• Even though a new OS is completely deployed to a pc (which has no key in AD), you must clear the TPM chip? We never use a refresh scenario, only clone over a computer, which has a new pc name in AD without any Bitlocker key stored there.

    Wouldn't deploying a new OS onto a pc wipe out the data and the encryption? I see Anton's PS to clear it, but is it a must to do? We don't currently clear that now...unless it's required in a scenario we don't encounter.
    Thanks

    Thursday, November 16, 2017 5:39 PM
  • Installing a new OS *DOES* wipe the old data and old encryption.

    Clearing the TPM chip is... complicated... 

    If you *know* you were the last person to setup the PC, and the TPM was owned properly. THen you installed a new OS, and the TPM chip was placed into a "reduced functionality" mode... Meh... You might be able to get away with not taking ownership of the TPM chip within the NEW OS, if the procedure is time consuming, and the devices are designed for Banking/Department of Defense, or other line of work where the data must remain secure, and there is process around that. For my PC, if I had the time, I would take ownership of the TPM chip if I had time, and it was my Primary Laptop. If it was just a secondary device, for occasional web browsing etc... I might not bother to take ownership.


    Keith Garner - Principal Consultant [owner] - http://DeploymentLive.com

    Thursday, November 16, 2017 5:56 PM
    Moderator
  • Thanks. It's a new concept I'm trying to grasp. All along in our Public Safety org, when we get an old pc in, we decrypt the drive (which I don't understand why because we will reimage it).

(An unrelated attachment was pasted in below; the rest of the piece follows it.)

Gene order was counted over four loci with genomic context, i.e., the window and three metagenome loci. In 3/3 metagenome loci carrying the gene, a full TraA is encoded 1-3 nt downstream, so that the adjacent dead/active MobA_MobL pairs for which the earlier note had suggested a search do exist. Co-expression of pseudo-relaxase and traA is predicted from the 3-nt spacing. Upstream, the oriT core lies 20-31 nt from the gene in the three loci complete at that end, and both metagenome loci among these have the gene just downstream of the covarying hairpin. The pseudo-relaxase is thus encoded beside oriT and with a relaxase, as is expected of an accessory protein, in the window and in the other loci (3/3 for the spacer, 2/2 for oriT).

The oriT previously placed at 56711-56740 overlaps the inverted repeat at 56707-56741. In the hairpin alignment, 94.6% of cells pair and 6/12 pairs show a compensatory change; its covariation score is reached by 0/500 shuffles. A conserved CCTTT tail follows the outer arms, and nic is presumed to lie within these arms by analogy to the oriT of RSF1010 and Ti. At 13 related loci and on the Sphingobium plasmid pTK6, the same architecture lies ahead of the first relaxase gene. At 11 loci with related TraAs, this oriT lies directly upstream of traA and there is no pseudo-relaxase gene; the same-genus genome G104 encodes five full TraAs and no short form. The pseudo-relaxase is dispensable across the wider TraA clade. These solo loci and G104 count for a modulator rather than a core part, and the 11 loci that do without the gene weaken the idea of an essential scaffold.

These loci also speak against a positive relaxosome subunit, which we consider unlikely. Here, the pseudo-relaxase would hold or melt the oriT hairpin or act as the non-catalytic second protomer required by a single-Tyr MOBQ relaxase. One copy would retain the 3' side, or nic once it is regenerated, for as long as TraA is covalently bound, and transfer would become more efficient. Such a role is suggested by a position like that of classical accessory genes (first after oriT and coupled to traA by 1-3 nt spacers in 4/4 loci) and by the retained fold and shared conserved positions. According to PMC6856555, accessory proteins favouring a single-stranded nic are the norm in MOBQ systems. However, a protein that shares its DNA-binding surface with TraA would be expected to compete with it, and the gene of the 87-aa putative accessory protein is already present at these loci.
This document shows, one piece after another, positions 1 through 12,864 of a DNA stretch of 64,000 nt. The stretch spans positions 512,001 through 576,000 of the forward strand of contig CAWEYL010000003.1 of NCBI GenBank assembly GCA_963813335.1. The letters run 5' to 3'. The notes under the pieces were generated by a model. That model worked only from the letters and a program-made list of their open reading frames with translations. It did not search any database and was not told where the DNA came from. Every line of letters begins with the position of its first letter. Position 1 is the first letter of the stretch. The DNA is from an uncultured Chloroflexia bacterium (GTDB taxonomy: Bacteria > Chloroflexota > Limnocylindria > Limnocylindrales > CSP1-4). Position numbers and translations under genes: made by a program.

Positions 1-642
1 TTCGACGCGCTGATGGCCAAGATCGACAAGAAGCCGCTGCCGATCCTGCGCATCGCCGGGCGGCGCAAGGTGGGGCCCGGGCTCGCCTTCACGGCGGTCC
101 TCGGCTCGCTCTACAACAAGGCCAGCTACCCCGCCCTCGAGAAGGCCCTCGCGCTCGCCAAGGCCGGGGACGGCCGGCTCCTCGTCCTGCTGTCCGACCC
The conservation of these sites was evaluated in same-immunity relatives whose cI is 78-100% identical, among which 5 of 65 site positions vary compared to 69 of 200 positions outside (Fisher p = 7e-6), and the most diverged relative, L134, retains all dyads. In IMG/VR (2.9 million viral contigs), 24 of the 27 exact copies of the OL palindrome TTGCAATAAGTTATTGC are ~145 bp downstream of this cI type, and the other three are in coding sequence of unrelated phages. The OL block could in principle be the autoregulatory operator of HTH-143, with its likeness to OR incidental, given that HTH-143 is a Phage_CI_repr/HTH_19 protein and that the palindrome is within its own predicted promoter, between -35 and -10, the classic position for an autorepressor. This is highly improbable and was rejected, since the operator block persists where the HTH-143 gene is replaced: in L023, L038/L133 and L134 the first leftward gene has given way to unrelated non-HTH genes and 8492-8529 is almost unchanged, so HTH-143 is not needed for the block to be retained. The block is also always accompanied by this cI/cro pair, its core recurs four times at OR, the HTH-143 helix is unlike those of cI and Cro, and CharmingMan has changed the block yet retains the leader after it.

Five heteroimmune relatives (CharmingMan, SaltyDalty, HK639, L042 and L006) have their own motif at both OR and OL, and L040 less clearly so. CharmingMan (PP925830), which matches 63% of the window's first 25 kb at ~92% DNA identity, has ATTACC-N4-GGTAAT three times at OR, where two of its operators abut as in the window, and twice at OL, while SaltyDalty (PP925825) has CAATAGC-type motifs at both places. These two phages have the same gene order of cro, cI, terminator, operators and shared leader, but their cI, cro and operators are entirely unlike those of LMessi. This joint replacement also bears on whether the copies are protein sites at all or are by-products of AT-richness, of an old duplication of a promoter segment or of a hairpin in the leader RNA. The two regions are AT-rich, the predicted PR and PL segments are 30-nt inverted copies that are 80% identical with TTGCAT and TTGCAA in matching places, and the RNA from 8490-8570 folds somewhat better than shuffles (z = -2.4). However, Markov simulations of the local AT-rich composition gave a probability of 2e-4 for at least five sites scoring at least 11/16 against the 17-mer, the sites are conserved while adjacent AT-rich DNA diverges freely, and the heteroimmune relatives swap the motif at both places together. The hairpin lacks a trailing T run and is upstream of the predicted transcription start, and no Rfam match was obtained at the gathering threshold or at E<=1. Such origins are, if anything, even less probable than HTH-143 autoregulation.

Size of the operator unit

When we're ready to reuse the pc, we deploy a new custom image via MDT. The pc name we give it is new...freshly added to AD with no prior Bitlocker key. Then when MDT is completed, we sign on as Admin and start an encryption, a full HDD and New Encryption. We've never cleared the TPM and I really never knew about this until a few days ago. I'm guessing what we're doing so far is working. I just need to check with our GPO group to have them change the defaults to Full HDD and New Encryption Mode so MDT can automate encrypting the drive.
    Does this sound legit?
    • Edited by the1rickster Thursday, November 16, 2017 6:03 PM
    Thursday, November 16, 2017 6:02 PM
  • I would never decrypt a drive if I am doing wipe and load - there is simply no reason to. Clearing TPM is not always necessary - for instance, I was working with a customer on a Windows 10 image the other day and the TPM 2.0 module on Fujitsu Lifebook was in status "ready", so there was no reason to clear the TPM chip. In fact, clearing the TPM chip resulted in the OS not being able to detect the TPM anymore, so there is that...

    To check TPM status after running BitLocker encryption, simply run tpm.msc - TPM module status will be displayed right in the middle of the console. If it shows up as "ready for use with reduced functionality", then you should consider clearing the TPM. In fact, Windows 10 1709 adds a GPO setting that checks TPM module status and performs TPM clear if TPM is detected to be not in the "ready" state.

    Now, as to performing drive encryption: if you are using BitLocker pre-provisioning (which I would recommend as it saves you tons of time in the end), then MDT will encrypt only used space (unless you modify ZTIBDE.wsf script and comment out the -used parameter):

    oUtility.RunWithHeartbeat """" & oEnv("SystemRoot") & "\system32\Manage-bde.exe"" -on " & oUtility.GetOSTargetDriveLetter & " -used"